Data cubes are data structures that, contrary to tables and spreadsheets, can store data in more than two dimensions. They are used mainly for fast retrieval of aggregated data. Online analytical processing is a technology that organizes large business databases and supports complex analysis. It can be used to perform complex analytical queries without negatively affecting transactional systems.
OLAP cubes have been developed to analyze the performance of drill bits, motors, reamers, rotary steerable tools, and many more downhole tools. The DRS cubes assist in identifying failure causes on bits to identify high-risk intervals and to better target products and parameters to reduce costly nonproductive time.
The development of the OLAP cubes required a multidisciplinary team consisting of software developers, business managers, domain champions, field-based engineers, and data scientists. The cubes consist of multidimensional databases built from relational and algorithmic interpretations of DRS transaction data. These algorithms are generated and developed by an iterative cycle of continuous improvement, development, and utilization of the OLAP cubes in parallel to improve the functionality and business impact for performance analysis, sales, product development, product reliability, and marketing.
The data can be analyzed and visualized in the Microsoft Office suite by directly querying the DRS OLAP cubes. This also allows for dashboards to be updated in real time, as data are added to DRS. This OLAP cube development has allowed for increased usage of the world's largest drilling record database, made it easier to access and analyze the data, and improved decision-making through data-driven analytics.
Putting the data to work: automated offsets. Answers to the following questions are necessary throughout the drill bit product lifecycle:
- My latest experimental bit design was run yesterday. How did it perform?
- How did our best runs in a certain area or application do last week? Which runs outperformed?
- How did our technologies stack up against competitors’ last quarter? How is our performance trending over the last year?
Extracting value from large sets of drilling data requires an innovative approach. A design that is tested with one operator under specific parameters could obtain very different results when used by another operator and different parameter roadmap. To alleviate offset selection biases, enable a wider breadth of considered runs, and provide a broader perspective on its product’s capabilities, SLB developed and implemented an objective, automated offset run selection workflow within its DRS. The workflow is accelerating the overall drill bit development process by providing timely bit performance evaluation results to the bit engineering and sales teams, Fig. 2.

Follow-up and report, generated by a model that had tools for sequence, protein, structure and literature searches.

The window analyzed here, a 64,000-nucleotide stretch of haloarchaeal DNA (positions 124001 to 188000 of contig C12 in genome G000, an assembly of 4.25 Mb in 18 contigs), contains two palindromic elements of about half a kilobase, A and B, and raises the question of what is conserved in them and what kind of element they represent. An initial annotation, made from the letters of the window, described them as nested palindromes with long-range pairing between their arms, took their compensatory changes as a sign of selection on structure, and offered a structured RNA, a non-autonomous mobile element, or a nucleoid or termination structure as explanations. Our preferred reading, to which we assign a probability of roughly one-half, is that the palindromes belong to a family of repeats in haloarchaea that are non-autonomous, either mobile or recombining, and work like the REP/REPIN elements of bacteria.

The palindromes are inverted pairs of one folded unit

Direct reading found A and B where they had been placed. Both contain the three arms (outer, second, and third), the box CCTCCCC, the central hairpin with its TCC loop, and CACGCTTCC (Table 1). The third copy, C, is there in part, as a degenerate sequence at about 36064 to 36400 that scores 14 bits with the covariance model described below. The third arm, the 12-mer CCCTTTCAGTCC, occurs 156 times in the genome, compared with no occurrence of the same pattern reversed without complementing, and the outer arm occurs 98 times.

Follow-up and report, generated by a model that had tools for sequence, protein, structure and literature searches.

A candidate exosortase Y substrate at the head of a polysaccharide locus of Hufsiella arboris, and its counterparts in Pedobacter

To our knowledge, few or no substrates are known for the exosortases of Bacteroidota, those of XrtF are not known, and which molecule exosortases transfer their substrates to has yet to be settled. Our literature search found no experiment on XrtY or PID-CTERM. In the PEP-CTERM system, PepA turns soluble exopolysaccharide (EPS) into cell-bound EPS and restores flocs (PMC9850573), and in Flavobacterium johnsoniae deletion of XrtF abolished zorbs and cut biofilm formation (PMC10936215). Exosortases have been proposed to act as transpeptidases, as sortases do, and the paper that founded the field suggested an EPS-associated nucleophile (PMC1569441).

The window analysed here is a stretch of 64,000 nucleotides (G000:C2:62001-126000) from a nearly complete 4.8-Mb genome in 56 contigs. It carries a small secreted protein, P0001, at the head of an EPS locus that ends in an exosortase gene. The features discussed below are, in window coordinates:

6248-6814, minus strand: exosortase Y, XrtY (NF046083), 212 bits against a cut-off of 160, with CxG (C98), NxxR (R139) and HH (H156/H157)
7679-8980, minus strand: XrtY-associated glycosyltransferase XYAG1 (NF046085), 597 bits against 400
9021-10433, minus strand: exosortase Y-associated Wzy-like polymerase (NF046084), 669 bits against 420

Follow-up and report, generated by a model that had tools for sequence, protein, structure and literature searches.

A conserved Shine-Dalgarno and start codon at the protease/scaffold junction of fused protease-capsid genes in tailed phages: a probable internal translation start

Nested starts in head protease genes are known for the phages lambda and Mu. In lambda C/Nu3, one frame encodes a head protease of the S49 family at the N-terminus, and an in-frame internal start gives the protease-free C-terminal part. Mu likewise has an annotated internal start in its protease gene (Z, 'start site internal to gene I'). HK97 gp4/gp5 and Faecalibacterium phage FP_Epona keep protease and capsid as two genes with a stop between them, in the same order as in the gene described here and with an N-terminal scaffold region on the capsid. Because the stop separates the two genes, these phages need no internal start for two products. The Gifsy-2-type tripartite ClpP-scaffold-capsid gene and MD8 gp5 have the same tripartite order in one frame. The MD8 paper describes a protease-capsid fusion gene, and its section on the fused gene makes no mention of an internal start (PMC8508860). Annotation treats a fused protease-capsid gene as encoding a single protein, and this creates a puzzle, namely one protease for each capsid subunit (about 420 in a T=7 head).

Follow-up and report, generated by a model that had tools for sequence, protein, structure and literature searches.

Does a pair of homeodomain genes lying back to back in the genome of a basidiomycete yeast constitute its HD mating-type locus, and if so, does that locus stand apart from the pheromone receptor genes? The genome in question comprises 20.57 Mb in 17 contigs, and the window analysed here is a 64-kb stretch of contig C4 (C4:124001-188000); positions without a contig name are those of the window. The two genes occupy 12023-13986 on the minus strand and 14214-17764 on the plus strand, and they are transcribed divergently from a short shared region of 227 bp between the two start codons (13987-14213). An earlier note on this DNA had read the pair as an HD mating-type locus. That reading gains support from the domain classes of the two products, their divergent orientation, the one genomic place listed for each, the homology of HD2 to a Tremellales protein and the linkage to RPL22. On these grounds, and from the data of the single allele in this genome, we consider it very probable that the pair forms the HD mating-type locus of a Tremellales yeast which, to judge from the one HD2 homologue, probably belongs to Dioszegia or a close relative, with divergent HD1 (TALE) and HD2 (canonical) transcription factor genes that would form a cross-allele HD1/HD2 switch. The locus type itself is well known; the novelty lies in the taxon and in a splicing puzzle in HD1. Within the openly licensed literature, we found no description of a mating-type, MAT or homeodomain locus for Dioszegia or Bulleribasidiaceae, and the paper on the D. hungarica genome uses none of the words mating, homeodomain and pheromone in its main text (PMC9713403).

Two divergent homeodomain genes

The auto-offset run selection workflow. Offset runs for the workflow are selected, based on a sophisticated filtering and scoring routine that considers many characteristics, such as geographic location, time, and wellbore and drilling system design, along with lithology. As new data enter the DRS continuously, this workflow runs on a regular basis using an automated pipeline. Product performance can now be evaluated objectively at scale across geographies, always using apples-to-apples comparisons. Automating the offset monitoring and evaluation process simplifies tasks, reduces logistics and makes results readily available to in-house performance and design teams. This improves due diligence and drives competition, and with it, continuous bit performance improvement.
How auto-offsets work. For each auto-offset analysis, the bit run to be evaluated is considered the subject run. For each bit run, the DRS searches for similar runs from nearby offset wells of the same bit family but from a different manufacturer. The initial filtering process for selecting offset runs considers bit family and diameter, location, depth in, and run date.
Next, all potential offset runs are scored to determine which are the most similar runs to compare the subject run against. This score is called the offset quality, and it is stored along with the offset runs considered for each analysis. The following criteria are taken into consideration when scoring the offset quality:
- Geographic distance between offset run and subject run
- Well target formation
- Well trajectory—vertical, tangent, curve or lateral
- Downhole drive type—steerable motor, rotary steerable system (RSS), motorized RSS
- Mud type—water-based or nonaqueous fluid
- Depth-in difference
- Run date difference
- Drilling contractor
- Drilling rig
Each criterion has its own importance weight, which has been refined through expert user testing to ensure that the automated offset selection mimics what an actual person would choose. Finally, based on the offset quality scores, the top 10 most similar offset runs are determined for the analysis. Then, the performance of the bit run is compared to the median performance of the competitor offset bit run group.